The Los Angeles Times pointed out that the Pain Relief Promotion Act, by Sen. Don Nickles (R-Okla.), is true to its name in one respect–it sets aside funding, if only a paltry $5 million, to further research in pain management, particularly into how to discourage terminally ill patients from committing assisted suicide to escape intractable pain.
The Times went on to say, “but the bill’s real fiscal impact would be to authorize the Drug Enforcement Administration to spend up to $80 million launching an investigation of physicians that would inhibit, not encourage, effective pain management.
“Specifically, Nickles wants the DEA to prosecute doctors who have intentionally used controlled substances like morphine to hasten a person’s death. That could have a chilling effect on palliative care. Fear of prosecution is already leading many doctors to undermedicate for pain. For instance, in 1998 a New York state task force on pain management polled 3,000 physicians and found 71 admitting that they had undermedicated patients for pain to avoid punishment by state medical boards.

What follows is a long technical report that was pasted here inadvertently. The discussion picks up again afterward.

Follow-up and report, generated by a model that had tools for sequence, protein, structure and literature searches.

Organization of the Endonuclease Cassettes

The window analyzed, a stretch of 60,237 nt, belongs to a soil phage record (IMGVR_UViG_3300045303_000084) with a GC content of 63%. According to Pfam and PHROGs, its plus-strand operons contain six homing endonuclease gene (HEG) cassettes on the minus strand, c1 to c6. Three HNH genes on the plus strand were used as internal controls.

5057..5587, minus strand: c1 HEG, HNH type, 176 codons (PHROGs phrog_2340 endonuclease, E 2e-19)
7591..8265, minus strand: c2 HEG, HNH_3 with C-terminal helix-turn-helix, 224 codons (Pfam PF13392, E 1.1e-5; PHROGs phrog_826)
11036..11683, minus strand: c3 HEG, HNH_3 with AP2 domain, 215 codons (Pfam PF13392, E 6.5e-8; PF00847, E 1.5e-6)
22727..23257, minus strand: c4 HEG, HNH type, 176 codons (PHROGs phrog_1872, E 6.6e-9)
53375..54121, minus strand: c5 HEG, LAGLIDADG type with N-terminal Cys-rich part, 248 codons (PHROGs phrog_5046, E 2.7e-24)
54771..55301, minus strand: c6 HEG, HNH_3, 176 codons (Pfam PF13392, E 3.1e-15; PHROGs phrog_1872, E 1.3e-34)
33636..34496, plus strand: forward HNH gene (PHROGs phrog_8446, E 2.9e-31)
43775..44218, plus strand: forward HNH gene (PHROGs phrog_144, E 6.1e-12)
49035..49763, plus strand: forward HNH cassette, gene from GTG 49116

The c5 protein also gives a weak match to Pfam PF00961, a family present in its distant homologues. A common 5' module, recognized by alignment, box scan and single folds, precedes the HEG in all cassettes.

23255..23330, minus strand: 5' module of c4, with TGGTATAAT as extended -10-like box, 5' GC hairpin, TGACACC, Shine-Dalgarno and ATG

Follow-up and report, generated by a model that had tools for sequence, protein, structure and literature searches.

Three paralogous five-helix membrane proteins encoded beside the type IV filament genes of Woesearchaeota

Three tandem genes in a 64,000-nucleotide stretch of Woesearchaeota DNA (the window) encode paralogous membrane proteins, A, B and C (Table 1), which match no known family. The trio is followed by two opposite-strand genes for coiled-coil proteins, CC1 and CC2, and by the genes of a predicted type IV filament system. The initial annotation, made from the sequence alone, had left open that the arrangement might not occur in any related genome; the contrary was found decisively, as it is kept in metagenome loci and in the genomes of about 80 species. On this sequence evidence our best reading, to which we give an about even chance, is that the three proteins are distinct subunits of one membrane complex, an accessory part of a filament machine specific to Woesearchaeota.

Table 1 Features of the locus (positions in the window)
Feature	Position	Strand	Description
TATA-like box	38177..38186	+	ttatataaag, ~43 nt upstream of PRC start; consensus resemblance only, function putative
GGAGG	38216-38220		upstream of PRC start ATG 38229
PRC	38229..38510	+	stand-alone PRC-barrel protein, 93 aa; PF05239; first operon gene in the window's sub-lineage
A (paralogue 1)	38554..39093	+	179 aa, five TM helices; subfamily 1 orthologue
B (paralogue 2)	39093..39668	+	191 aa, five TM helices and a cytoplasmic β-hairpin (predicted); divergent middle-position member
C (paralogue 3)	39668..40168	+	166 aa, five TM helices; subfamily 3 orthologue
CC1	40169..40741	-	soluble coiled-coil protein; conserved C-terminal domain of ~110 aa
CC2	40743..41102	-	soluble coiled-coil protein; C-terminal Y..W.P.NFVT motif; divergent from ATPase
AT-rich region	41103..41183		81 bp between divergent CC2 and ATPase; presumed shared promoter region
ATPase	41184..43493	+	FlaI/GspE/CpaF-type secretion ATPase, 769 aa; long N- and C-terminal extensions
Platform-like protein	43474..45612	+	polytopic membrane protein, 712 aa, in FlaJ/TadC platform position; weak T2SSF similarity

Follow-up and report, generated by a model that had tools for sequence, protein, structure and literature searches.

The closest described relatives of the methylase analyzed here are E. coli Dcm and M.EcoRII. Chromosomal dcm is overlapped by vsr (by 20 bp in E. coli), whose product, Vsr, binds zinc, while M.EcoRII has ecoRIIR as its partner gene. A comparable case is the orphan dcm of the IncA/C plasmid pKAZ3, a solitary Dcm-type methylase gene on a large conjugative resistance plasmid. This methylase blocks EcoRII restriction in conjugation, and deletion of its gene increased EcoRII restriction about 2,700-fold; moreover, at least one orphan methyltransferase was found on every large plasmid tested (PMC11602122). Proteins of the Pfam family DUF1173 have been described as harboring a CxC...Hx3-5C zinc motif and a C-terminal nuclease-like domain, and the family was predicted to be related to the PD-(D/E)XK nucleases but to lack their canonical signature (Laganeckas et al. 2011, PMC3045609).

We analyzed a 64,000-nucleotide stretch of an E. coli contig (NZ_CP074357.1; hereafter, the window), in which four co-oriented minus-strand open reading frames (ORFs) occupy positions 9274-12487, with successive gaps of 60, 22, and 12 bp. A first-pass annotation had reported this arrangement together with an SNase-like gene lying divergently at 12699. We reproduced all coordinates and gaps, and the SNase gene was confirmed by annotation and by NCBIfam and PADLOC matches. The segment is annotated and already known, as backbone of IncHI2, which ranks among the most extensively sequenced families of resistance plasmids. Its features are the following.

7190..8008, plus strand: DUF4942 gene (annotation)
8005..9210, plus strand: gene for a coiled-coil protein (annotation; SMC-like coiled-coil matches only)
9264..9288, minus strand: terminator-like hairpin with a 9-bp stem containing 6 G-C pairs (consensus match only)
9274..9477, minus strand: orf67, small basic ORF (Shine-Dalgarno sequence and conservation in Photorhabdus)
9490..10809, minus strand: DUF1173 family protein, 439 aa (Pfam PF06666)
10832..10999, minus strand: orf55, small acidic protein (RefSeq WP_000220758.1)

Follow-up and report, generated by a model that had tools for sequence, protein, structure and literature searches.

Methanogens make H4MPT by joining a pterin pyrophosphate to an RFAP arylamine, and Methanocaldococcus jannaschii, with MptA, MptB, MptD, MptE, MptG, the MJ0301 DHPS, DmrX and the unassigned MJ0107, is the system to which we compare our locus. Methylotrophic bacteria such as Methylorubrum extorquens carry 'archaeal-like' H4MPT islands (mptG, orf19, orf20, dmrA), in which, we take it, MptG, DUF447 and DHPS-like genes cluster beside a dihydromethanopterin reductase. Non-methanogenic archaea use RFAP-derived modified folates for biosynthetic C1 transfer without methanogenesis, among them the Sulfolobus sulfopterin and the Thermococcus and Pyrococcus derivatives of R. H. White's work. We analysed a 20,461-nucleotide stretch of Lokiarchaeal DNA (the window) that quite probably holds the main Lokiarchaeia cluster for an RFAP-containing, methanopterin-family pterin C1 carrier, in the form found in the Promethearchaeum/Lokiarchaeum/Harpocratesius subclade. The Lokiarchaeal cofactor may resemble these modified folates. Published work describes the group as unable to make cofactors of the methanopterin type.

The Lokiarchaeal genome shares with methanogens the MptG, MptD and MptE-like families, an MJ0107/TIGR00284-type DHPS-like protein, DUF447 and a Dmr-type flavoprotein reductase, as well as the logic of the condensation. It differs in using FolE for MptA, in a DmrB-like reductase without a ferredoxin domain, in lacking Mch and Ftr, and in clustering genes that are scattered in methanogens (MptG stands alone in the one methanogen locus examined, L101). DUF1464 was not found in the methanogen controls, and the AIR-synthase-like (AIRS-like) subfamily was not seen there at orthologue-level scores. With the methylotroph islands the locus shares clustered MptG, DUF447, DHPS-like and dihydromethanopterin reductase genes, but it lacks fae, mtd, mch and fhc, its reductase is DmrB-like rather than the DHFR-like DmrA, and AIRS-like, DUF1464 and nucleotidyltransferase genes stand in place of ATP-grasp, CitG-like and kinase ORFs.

“Proponents of the Nickles bill say it would not encourage overly zealous prosecution, for it has a provision recognizing that in some instances pain medication may unavoidably increase the risk that a patient will die. But that provision also asks DEA agents–who are law enforcement officials, after all, not doctors–to do something that would daunt the best of medical experts: determine whether a physician intentionally or unintentionally used pain medications to hasten death.